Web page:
“We have been comfortable in different stages of games when the teams are demanding other stuff. That’s a big step as team.”

Havertz won the 2021 Champions League with Chelsea — scoring the winning goal in the final against City — but never entirely convinced at Stamford Bridge. Sources close to the player insist he suffered both with injury and also the demands of differing styles as the Blues switched managers from Thomas Tuchel to Graham Potter and then to Frank Lampard.

Arteta, however, has unlocked a consistency in Havertz’s play and in the centre-forward role he was often derided for in a Chelsea shirt. It is around two months since the 24-year-old began playing regularly through the middle, and the returns have been extremely valuable: five goals and three assists now from his past seven starts.

Havertz’s nine league goals is his best return in an English season. He is in danger of becoming the striker many demanded Arsenal sign in January.

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“A lot of times players decide where they have to play,” said Arteta. “We can have certain ideas but then you see certain relationships and sometimes it flows.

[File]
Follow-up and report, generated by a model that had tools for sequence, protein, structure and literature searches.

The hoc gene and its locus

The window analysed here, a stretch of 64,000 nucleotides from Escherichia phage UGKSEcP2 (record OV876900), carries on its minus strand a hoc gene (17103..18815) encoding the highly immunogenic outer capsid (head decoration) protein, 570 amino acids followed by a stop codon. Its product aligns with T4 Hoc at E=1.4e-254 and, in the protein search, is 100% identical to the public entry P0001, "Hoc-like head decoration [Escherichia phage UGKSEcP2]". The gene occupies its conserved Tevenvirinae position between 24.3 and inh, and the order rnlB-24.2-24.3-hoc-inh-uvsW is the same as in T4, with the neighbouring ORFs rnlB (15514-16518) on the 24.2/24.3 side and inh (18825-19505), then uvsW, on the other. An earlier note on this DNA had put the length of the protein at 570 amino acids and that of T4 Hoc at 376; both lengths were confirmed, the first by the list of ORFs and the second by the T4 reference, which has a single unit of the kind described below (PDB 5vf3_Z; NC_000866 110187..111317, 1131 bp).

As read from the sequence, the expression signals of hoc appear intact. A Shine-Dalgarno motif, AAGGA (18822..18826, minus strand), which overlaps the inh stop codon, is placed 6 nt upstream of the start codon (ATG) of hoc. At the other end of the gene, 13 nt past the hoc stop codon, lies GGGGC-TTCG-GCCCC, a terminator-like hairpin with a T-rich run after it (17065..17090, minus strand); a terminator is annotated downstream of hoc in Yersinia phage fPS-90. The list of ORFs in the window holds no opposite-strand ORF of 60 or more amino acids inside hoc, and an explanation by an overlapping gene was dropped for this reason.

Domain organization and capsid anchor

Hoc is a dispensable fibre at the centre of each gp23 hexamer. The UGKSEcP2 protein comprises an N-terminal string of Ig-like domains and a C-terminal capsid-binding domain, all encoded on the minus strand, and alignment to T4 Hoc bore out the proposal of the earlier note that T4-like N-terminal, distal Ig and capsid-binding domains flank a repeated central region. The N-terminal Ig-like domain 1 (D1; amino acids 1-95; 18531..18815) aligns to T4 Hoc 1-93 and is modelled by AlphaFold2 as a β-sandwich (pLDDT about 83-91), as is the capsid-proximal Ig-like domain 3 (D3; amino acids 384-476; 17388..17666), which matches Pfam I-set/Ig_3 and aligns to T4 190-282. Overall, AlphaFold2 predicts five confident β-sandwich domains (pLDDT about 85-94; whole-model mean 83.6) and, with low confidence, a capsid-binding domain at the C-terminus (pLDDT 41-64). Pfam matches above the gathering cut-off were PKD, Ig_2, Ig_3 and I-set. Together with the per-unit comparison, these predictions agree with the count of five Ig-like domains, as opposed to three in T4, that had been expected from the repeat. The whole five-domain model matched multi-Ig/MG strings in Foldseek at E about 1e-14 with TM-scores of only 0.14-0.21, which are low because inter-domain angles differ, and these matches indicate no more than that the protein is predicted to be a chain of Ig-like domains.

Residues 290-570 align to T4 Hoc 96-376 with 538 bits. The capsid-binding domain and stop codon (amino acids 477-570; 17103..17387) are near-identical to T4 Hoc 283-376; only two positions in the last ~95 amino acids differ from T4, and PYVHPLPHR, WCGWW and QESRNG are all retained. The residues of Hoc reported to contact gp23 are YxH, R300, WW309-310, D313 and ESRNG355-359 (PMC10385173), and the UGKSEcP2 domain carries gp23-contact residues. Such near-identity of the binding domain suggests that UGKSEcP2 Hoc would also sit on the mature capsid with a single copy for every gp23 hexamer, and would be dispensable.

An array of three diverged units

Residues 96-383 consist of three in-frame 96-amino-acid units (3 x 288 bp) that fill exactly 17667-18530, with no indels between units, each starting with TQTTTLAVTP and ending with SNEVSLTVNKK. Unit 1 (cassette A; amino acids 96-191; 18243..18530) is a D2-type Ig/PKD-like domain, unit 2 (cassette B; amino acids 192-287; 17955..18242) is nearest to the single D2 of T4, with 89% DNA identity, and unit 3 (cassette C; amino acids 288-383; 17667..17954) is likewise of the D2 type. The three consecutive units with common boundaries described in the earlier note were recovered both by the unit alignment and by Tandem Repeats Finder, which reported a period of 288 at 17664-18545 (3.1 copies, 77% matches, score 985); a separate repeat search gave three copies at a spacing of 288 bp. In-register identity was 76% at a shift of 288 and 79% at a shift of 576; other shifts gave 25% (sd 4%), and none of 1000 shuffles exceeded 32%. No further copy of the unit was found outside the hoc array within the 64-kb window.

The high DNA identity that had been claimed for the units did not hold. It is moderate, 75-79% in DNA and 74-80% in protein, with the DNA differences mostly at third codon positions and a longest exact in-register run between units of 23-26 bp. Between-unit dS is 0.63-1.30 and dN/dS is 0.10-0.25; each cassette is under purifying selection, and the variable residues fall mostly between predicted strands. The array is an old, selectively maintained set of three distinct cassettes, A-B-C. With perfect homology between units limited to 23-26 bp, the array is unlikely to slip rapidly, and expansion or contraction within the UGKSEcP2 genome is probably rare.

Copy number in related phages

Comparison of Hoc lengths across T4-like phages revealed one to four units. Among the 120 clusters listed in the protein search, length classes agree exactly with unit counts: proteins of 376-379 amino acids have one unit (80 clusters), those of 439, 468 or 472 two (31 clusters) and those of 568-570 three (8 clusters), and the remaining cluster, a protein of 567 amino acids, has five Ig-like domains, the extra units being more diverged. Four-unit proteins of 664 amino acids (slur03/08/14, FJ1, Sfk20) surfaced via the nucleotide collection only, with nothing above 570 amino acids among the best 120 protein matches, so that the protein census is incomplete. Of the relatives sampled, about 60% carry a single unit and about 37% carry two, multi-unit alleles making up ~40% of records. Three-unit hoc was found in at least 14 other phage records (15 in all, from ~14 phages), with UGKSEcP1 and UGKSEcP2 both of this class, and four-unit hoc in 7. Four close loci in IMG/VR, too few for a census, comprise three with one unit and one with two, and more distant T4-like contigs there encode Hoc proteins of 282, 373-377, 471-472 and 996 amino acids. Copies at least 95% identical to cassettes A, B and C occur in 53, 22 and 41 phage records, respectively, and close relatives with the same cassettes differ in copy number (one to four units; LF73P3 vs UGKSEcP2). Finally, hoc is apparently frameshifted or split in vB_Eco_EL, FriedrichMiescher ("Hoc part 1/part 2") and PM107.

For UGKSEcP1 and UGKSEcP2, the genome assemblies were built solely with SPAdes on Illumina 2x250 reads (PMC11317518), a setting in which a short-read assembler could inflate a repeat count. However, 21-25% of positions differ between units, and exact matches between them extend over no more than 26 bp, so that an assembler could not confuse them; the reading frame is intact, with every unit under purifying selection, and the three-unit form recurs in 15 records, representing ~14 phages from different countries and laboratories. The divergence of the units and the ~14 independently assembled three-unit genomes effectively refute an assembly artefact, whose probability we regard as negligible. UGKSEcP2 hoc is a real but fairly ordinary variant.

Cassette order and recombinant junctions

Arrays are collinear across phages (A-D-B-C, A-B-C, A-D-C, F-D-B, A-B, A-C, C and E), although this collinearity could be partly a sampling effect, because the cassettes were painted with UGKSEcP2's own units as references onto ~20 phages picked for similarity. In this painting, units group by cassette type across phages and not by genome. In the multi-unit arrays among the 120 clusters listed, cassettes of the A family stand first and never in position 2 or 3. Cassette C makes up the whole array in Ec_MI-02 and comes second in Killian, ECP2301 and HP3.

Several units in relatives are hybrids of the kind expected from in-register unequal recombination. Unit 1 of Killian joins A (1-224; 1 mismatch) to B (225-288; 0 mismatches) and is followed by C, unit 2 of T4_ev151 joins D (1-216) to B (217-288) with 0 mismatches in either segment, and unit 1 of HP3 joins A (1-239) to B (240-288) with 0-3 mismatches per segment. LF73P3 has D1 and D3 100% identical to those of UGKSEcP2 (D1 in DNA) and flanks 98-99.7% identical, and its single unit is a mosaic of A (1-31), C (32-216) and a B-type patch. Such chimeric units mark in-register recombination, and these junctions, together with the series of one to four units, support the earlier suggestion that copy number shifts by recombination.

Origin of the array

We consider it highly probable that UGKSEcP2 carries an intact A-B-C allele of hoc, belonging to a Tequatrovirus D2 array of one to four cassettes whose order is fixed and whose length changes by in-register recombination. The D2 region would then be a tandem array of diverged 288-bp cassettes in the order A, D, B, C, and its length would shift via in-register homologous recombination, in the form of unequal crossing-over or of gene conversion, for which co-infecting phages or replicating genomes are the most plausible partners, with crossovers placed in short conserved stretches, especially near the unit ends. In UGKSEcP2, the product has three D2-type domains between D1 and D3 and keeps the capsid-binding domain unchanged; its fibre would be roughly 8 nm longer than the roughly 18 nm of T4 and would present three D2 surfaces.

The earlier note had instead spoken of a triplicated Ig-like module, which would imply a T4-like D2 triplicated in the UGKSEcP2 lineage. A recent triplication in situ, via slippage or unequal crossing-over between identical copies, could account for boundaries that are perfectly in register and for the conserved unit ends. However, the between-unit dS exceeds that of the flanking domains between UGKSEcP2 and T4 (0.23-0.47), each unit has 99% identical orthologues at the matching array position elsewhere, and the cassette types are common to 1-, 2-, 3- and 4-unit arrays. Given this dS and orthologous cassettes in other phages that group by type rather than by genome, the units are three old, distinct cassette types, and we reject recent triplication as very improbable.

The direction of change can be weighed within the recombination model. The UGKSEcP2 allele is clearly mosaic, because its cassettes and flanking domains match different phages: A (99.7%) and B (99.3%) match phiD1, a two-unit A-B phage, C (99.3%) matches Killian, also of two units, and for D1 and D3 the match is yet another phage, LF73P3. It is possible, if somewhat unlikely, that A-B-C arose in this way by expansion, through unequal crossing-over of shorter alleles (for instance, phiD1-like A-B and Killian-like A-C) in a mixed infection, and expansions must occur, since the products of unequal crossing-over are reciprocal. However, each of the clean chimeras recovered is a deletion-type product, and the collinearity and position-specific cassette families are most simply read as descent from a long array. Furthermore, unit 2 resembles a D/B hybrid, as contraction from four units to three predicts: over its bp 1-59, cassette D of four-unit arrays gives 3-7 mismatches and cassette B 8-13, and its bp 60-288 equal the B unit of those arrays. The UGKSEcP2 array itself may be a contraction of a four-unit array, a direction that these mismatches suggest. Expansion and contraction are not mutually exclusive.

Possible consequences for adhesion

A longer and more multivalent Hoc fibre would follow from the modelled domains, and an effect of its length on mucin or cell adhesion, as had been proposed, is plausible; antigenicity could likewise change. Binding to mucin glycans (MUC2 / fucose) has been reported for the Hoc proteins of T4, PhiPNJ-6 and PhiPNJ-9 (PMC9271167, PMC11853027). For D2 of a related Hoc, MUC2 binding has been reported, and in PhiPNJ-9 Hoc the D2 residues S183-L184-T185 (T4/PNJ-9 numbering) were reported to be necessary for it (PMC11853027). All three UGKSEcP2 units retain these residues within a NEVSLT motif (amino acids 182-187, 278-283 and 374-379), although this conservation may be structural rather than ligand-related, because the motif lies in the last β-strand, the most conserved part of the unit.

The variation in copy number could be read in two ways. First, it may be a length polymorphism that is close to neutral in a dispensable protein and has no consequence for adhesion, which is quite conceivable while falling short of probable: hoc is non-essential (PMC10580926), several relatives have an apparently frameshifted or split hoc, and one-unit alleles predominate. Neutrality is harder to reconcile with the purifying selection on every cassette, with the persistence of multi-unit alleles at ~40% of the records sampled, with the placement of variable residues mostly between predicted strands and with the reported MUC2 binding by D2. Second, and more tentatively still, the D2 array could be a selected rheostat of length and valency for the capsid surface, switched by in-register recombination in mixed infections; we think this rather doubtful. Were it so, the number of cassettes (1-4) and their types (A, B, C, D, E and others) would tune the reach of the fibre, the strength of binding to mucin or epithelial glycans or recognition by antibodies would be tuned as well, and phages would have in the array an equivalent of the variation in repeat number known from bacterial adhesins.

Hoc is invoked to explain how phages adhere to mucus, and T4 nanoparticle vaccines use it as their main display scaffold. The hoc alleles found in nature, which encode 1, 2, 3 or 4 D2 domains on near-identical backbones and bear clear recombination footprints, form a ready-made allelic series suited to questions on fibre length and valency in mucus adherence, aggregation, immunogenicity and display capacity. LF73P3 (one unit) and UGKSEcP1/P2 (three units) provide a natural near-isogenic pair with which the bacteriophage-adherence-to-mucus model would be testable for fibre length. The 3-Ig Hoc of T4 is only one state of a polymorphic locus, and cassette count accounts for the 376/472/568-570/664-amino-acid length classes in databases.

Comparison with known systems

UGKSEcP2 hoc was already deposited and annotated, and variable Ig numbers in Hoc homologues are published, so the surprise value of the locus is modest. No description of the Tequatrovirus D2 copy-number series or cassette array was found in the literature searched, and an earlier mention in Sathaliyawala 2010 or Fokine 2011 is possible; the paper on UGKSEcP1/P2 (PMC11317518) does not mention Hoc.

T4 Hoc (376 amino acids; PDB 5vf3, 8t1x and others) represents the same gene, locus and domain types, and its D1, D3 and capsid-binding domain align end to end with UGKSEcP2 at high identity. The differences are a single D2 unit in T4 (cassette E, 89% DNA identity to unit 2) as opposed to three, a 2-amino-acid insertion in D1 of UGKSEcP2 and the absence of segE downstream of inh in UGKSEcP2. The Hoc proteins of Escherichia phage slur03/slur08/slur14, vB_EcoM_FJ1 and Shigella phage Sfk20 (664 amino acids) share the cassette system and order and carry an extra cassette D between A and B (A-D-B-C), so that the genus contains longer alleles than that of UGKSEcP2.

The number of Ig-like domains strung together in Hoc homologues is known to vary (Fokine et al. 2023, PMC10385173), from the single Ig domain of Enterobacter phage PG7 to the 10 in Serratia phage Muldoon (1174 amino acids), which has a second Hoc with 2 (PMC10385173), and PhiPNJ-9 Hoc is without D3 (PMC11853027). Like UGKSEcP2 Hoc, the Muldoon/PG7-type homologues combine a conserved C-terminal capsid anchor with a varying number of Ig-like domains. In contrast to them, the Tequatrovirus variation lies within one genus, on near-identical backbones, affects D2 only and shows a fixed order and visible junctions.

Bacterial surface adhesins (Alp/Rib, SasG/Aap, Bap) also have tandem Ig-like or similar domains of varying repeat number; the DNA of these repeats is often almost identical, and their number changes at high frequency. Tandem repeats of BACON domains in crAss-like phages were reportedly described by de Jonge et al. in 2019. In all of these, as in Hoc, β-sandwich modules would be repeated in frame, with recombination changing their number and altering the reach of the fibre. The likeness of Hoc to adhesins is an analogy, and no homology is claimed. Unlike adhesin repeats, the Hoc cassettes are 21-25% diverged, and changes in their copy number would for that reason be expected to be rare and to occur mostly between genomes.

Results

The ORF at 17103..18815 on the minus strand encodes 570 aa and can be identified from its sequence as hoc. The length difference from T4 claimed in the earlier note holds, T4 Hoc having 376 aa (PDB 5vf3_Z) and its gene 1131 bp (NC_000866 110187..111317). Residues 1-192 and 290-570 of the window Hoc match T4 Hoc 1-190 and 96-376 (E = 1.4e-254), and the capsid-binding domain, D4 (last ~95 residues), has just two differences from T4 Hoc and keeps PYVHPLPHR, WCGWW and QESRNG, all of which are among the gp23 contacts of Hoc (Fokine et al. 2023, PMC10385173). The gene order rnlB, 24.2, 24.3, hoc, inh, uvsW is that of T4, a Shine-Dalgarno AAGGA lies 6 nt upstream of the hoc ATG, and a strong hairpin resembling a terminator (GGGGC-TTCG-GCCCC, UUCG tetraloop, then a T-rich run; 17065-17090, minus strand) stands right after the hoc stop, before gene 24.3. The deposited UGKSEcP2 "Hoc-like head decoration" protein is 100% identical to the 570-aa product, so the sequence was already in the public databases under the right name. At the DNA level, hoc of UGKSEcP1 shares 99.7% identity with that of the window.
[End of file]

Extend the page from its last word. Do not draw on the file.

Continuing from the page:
“When it flows you have to let it go. I think Kai at the moment is flowing. He is really comfortable there and the team is really comfortable with him there and the rest of it is happening naturally.”

At the back, Arsenal continue to look almost impenetrable. Brighton managed 10 shots but only recorded an expected goals figure of 0.53 with Danny Welbeck unable to unsettle the stoic centre-back partnership of William Saliba and Gabriel Magalhaes. Significantly, today marked the first time the Gunners have kept five consecutive clean sheets away from home in the Premier League since April 1997.

Brighton’s Carlos Baleba did his best to disrupt Arsenal’s rhythm in midfield, but Declan Rice and Jorginho established a level of control they never truly looked like relinquishing. In 11 league games since the turn of the year, Arsenal are unbeaten with 10 wins, scoring 38 goals and conceding only four. They ended Saturday at the top of the table and improving their goal difference even further to hold a nine-goal advantage over Liverpool and 11 over City.

The tests will continue — and last season’s late slump when eight points clear means there are still questions to answer — but Luton boss Rob Edwards said after his team lost at Emirates Stadium on Wednesday that Arsenal “can play any sort of game — if it’s a physical game, if it’s a footballing game, if it’s a running game — whatever it is, they’ve got the answer.”

It is difficult to disagree on this evidence, even if they are still reliant on Liverpool dropping points over the next few weeks to win their first title since 2004.

Shortly after full-time, a rainbow emerged over the stand where Arsenal’s travelling support were housed. Time will tell if a pot of gold sits at the end of it but the Gunners are currently enjoying these away days much more than many expected.